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Rohingya refugees fear for lives after leader's murder in Bangladesh camp

Rights group calls for urgent measures to protect Rohingya activists and refugees

Rohingya refugees fear for lives after leader's murder in Bangladesh camp

Human Rights Watch and the Catholic Church have called for the protection of Rohingya refugees and activists in Cox's Bazar in Bangladesh. (Photo: Stephan Uttom/UCA News)

Human Rights Watch (HRW) has called on Bangladeshi authorities and the United Nations to take urgent measures to protect Rohingya refugees and activists facing threats and violence inside refugee camps.

Many have been scared for their lives since unidentified gunmen shot and killed Mohib Ullah, 46, chair of the Arakan Rohingya Society for Peace and Human Rights (ARSPH), in Kutupalong camp in Cox’s Bazar on Sept. 29.

“Bangladesh authorities should take urgent measures, with international assistance, to protect Rohingya activists who are defending the rights of refugees,” Meenakshi Ganguly, South Asia director at HRW, said on Oct. 6.

Mohib Ullah had repeatedly reported threats from armed groups operating in the camps to Bangladeshi officials but received insufficient support from the authorities. Alleged members of Islamist groups were increasingly targeting the Rohingya for extortion and other crimes, the statement said.

His killing in a place of refuge “speaks volumes about the risks that Rohingya activists face every day,” Ganguly said, adding that the interviews conducted by HRW with family members and fellow activists of Mohib Ullah revealed that the authorities did not adequately investigate his concerns or provide protection for him.

“The Bangladesh government deployed many security forces in the camps, but they were busy subduing and controlling refugees instead of protecting them,” said one activist.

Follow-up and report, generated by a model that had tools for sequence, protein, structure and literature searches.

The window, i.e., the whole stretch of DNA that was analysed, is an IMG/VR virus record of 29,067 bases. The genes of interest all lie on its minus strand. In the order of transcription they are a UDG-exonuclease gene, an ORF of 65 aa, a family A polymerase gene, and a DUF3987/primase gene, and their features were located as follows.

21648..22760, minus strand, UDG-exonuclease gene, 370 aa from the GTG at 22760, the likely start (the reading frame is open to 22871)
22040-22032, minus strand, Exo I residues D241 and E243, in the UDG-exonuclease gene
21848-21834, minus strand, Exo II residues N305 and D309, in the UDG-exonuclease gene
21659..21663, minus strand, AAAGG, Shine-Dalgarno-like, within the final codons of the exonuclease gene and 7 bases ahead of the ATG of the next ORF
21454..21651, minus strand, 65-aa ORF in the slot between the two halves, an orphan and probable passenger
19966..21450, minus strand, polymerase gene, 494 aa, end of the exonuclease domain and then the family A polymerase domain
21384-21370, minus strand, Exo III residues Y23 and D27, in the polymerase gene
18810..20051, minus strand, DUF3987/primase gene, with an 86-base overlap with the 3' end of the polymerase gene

It is not a normal incident, especially when talks of Rohingya repatriation are going on. It is up to the Bangladesh government to investigate

Faizullah, 47, from Kutupalong camp and a member of the ARSPH, said Mohib Ullah always spoke of liberating the Rohingya and returning to Myanmar with dignity.

“Many leaders of our organization are still receiving threats. We have informed the authorities about the matter. But we are not getting much response,” he told UCA News.

A senior Bangladesh police official working in Cox's Bazar denied the allegation. There were so many Rohingya living in such a small area that it was difficult to patrol it, he said on condition of anonymity.

“We have arrested five suspects for the murder and have taken them to remand,” he added.

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The Catholic Church has called for a detailed investigation into the killing of Mohib Ullah.

“It is not a normal incident, especially when talks of Rohingya repatriation are going on. It is up to the Bangladesh government to investigate,” said Holy Cross Father Liton Hubert Gomes, secretary of the Catholic bishops' Justice and Peace Commission.

More than 742,000 Rohingya have fled to Bangladesh since a brutal clampdown by Myanmar's military in August 2017, according to the United Nations High Commissioner for Refugees.

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